Becoming Landscape Industry Certified can put you in the top 1% of landscaping professionals, which can be a valuable point of differentiation for your company in the eyes of many potential clients. Visit landcarenetwork.org for more information.
Going into the fall and winter months, many industry professionals turn to training and education to beef up their knowledge base and stay on top of the latest developments in products and technology. Cooler weather also spells a potentially opportune time to consider certification.
To prepare for a Landscape Industry Certified Technician-Exterior exam, as offered by state and provincial association licensees, contractor Michael Becker says, "You might want to get a head start by studying the recommended technician training manuals well in advance to take advantage of any downtime you experience in your schedule.” Becker is the owner of Estate Gardeners Inc. in Elkhorn, NE. A Landscape Industry Certified Manager, Becker is also PLANET's International Certification Council Chair.
Becker warns that certification is not an overnight process. “You need to determine which of the seven PLANET programs is best for you and your crew, and then register, study, and take the exam to earn your designation. For most PLANET certifications, you have up to three years after registering for an exam to study and pass.”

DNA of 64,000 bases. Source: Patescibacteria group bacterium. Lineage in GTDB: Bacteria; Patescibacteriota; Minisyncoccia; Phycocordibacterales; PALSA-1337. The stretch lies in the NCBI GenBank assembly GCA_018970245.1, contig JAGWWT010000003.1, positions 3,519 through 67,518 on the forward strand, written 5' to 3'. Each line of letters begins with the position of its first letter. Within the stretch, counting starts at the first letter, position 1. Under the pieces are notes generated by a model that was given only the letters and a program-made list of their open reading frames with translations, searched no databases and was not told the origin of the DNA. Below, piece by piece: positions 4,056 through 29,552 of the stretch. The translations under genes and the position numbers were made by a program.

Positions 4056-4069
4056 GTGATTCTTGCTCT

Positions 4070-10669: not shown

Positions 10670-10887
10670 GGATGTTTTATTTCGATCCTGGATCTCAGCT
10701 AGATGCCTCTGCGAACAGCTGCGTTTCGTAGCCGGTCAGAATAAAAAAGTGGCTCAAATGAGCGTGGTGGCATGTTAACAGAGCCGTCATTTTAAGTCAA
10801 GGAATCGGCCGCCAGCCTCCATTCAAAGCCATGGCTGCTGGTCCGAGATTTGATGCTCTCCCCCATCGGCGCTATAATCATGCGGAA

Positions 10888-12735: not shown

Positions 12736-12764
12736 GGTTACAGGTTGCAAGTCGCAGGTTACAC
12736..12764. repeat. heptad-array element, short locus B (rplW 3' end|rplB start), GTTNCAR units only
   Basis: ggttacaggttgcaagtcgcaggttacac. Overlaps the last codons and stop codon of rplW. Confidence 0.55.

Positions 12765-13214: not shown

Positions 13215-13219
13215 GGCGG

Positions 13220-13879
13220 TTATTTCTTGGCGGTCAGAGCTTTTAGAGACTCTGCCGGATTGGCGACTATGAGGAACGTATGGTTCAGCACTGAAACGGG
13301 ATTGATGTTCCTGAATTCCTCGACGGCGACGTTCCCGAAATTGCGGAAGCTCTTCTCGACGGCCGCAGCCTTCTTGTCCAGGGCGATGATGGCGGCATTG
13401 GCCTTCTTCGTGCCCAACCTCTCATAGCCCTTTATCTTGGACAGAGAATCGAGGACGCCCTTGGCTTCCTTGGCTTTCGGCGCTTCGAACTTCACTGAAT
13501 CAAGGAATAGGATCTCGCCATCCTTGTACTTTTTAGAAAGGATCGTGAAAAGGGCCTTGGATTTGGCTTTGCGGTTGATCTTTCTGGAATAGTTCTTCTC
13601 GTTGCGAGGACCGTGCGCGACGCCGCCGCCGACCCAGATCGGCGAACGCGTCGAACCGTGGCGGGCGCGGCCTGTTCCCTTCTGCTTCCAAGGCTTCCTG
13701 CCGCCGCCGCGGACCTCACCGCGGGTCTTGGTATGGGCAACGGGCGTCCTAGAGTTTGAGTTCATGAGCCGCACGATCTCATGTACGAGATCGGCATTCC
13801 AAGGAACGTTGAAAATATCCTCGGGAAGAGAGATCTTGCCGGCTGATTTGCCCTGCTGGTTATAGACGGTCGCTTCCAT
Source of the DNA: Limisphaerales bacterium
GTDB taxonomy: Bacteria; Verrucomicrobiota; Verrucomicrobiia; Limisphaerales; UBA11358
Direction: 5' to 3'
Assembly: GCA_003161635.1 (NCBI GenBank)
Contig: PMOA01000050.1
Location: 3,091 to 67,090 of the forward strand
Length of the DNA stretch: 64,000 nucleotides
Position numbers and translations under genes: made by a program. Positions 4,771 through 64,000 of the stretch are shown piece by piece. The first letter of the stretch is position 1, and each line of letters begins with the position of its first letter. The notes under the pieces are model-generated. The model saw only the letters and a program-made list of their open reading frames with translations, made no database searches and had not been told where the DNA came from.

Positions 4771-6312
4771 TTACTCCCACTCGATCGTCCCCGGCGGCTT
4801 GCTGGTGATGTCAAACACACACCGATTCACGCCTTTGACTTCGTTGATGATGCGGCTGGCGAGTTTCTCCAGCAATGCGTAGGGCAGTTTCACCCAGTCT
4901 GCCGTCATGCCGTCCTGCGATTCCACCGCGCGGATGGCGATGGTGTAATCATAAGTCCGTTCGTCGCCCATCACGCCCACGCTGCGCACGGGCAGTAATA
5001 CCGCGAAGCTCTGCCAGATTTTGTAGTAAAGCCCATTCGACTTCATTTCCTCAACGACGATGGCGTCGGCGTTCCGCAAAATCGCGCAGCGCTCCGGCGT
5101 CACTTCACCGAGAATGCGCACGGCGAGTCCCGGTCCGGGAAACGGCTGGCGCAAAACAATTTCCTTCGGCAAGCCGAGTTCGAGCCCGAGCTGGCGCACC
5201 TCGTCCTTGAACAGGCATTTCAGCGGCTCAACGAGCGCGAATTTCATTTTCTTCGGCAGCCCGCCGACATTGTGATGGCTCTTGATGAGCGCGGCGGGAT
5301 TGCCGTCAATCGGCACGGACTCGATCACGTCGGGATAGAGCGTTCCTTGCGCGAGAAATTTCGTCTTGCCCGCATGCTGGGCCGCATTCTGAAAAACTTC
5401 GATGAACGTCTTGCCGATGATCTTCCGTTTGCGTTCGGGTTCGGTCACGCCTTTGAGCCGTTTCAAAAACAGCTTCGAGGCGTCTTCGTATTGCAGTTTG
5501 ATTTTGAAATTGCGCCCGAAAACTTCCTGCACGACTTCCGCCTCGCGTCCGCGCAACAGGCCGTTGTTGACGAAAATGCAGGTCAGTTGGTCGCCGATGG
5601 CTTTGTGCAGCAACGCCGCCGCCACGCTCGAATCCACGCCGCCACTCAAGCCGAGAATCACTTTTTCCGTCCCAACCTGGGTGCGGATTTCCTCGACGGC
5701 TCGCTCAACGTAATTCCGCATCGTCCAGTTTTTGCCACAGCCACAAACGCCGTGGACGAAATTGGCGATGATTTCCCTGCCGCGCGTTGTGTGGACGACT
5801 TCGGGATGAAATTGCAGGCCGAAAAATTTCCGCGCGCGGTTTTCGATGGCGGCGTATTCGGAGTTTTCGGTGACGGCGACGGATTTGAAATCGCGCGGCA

Insight into the Horticultural Technician program. Skip Thompson, a Landscape Industry Certified Manager & Technician with Tidewater Landscape Management in Columbus, GA, says one certification you might want to aim for this fall and winter is the Horticultural Technician program.
“I took this exam about a year after I passed the Lawn Care Manager exam administered by the University of Georgia," Thompson relates. "It was an excellent complement to the Lawn Care certification and gave me a well-rounded understanding of plant and tree care. I still use the study guide as a reference tool today.”
The recommended study guide is titled, "The Principles of Landscape Tree & Shrub Maintenance." Highlights include:
- Plant physiology
- Woody ornamental identification
- The importance of soils
- Plant establishment
- Placement, delivery and awareness factors of fertilizers
- Plant health care management
- Property maps
- Insect and disease identification
- Physiological or cultural problems
- Chemical injury
- Safety in tree and shrub application methods
Karen Barnett is PLANET’s director of certification and has been involved in Green Industry association management for 15 years. She is staff liaison to PLANET’s International Certification Council and is a member of the Institute for Credentialing Excellence (ICE), as well as the American Society of Association Executives (ASAE).